The UK furniture industry remains a male-dominated environment, but women are increasingly making the decisions which shape the sector. For , Paul Farley asked some of the trade’s leaders to offer their views on gender politics, female recruitment and the rate of change …
A decade ago, I helped champion an awards programme developed by the (then) team behind the Manchester Furniture Show, Women in Furnishings (WIF). Although short-lived, it helped shine a light on the issue, and made me think how strange it was that our industry chiefly comprised men selling to other men – even though women were clearly the principal decisionmakers at a consumer level.?
Although it appears that women are increasingly taking more prominent roles in the furniture industry, I wonder how much has truly changed across the board since then?
According to McKinsey’s latest Women in the Workplace report, 87% of corporate America described itself as “highly committed” to gender diversity in 2019 – a huge leap from the 56% recorded in its initial survey in 2012. Yet, says the consultant, there remains a “broken rung” at the first step on the ladder, with women being promoted to management at far lower rates than men.?
Then there’s the added burnout brought on by the pandemic, as female workers at every level fall back into unpaid care and domestic roles more easily than their male counterparts. PwC’s 2021 Women in Work Index estimates that the impact of Covid-19 will set progress made towards gender parity back to 2017 levels – and states that the UK already lags significantly behind other countries in its share of women in full-time employment (just 64%, as opposed to 89% of men).?
The House of Commons Library estimates that the gender pay gap in April 2020 was 15.5% – and that’s before the pandemic’s impact was truly felt.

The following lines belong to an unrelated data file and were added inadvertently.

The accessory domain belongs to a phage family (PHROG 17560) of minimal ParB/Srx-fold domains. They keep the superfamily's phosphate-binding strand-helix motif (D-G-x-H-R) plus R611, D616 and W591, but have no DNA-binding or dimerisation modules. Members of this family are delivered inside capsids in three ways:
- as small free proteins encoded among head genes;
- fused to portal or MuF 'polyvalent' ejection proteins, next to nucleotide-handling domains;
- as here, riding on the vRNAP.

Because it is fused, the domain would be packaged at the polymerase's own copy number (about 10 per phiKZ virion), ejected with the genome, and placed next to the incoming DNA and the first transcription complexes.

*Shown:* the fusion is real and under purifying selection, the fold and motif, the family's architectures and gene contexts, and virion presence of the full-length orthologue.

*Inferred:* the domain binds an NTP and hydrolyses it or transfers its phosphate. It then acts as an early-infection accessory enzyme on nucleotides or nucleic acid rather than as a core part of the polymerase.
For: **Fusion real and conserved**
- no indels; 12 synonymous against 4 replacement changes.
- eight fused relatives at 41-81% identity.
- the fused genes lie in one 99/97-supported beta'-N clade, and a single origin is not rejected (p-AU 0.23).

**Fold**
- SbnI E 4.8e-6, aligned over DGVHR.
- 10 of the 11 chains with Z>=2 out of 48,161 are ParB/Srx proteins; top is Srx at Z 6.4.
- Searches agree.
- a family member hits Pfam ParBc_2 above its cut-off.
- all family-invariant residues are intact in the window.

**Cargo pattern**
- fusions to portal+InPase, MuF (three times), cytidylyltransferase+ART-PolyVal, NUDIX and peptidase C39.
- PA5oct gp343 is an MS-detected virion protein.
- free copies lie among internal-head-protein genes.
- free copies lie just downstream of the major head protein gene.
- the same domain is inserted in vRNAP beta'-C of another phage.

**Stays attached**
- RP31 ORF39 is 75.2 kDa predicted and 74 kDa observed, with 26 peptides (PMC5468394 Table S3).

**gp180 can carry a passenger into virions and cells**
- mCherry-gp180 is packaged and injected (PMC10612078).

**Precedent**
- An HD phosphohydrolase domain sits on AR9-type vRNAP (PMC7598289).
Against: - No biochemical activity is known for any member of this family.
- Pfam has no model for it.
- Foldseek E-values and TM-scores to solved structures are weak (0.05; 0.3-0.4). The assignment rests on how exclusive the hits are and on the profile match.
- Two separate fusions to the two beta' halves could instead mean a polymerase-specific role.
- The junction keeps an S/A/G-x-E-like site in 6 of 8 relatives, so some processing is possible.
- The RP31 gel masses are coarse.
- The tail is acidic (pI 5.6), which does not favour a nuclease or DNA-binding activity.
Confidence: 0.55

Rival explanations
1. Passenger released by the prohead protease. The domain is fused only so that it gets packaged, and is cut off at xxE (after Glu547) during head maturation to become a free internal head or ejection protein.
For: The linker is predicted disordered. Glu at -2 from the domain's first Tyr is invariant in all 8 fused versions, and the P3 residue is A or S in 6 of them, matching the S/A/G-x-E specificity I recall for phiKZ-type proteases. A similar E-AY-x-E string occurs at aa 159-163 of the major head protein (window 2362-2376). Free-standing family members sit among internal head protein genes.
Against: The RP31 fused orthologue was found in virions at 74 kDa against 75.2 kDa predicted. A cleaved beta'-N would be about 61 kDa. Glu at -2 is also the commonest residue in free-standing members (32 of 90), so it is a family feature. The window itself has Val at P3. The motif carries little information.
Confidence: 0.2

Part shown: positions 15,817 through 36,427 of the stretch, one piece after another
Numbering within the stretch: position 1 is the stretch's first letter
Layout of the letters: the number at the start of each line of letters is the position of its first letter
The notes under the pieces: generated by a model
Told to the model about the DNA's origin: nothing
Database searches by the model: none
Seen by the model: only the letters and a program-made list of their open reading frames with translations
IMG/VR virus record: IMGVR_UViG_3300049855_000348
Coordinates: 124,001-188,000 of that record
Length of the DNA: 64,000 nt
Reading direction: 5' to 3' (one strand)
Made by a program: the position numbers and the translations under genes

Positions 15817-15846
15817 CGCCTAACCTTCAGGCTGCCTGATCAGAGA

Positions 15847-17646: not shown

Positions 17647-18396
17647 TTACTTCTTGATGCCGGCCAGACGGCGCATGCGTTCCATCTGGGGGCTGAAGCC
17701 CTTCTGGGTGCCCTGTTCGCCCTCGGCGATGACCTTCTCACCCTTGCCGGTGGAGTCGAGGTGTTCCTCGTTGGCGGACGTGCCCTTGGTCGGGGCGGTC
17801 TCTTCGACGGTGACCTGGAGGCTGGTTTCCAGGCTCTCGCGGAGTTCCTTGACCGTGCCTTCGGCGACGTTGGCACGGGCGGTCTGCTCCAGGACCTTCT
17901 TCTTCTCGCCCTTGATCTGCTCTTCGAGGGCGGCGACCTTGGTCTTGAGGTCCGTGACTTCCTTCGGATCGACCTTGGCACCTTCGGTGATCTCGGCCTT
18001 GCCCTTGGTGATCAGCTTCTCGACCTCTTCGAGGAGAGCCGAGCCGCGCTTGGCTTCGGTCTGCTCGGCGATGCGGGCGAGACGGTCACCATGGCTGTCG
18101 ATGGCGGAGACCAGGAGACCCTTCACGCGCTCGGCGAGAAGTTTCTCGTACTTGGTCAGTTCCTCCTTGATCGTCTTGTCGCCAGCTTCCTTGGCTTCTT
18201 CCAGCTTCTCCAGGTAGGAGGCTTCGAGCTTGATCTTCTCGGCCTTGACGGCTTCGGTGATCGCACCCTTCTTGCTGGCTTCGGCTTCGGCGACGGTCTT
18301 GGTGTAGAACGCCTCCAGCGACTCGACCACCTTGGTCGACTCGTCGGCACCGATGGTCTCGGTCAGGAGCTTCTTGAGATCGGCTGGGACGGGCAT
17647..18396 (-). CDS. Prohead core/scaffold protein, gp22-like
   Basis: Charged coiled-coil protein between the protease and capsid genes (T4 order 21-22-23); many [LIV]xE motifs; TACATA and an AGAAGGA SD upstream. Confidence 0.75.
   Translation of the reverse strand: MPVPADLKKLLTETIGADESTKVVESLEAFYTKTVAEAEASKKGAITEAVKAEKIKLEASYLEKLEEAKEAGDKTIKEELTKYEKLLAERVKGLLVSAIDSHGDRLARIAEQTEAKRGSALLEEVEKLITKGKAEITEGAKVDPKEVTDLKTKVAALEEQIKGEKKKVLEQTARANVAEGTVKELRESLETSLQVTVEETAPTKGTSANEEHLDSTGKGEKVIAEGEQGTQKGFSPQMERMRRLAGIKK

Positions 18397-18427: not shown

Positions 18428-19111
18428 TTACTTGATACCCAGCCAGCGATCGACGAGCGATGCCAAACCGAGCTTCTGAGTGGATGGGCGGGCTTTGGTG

The business world might purport to be following an agenda of equality, but it’s clear that the reality is somewhat behind the rhetoric.
Like many manufacturing sectors, the UK furniture industry has always been, and remains, male dominated. With the move towards Industry 4.0 promising to remove many of the remaining barriers to entry, there’s every possibility that we could see a far more balanced workplace in the future – but first, the trade needs to work on its image and become a more attractive career choice to women, from the classroom up.?
“Girls are not offered furnituremaking as a subject option in most state schools within the UK,” says Dr Lynn Jones, the former head of Bucks New University’s furniture department. “Within schools’ art and design ‘diet’, furnituremaking is relatively invisible. When I studied furniture design and making at university in the 1980s, I was the only female. Today, figures have improved on some furniture and product design courses, but not to the extent where there’s an equal gender balance on furnituremaking courses – so it’s no surprise there are so few women and non-binary woodworkers.”
Once they’ve started out on this track, says Lynn, it’s vital to keep them on it – as crises of confidence, workplace misogyny and the aforementioned pay gap can make progress a real uphill struggle.?
“Many female and non-binary graduates, often with first-class degrees and MAs, end up working in shops, bars, cafes and other non-related, low-paid work, because they don’t think they are ‘good enough’ at making. They also leave the furniture industry more often than their male counterparts, citing discrimination in workshops as a common reason, so they have to be more inspired than men to both enter and remain in the industry.
“There will always be the people who get lucky, meet the right person at the right time, find a good female role model or happen upon a school which has a teacher or headteacher who cares about the subject enough to promote or include it. It is my personal belief, however, that there are a great many more who don’t.”
In April's issue of Furniture News, I’ve brought together an inspirational line-up of women who, luck aside, made enough right decisions to reach the top of their respective fields. They were kind enough to share their thoughts on the furniture industry’s gender balance, the added challenges they’ve faced as women, and the direction of progress – as well as offering would-be newcomers a few words of advice.?
Read the feature in .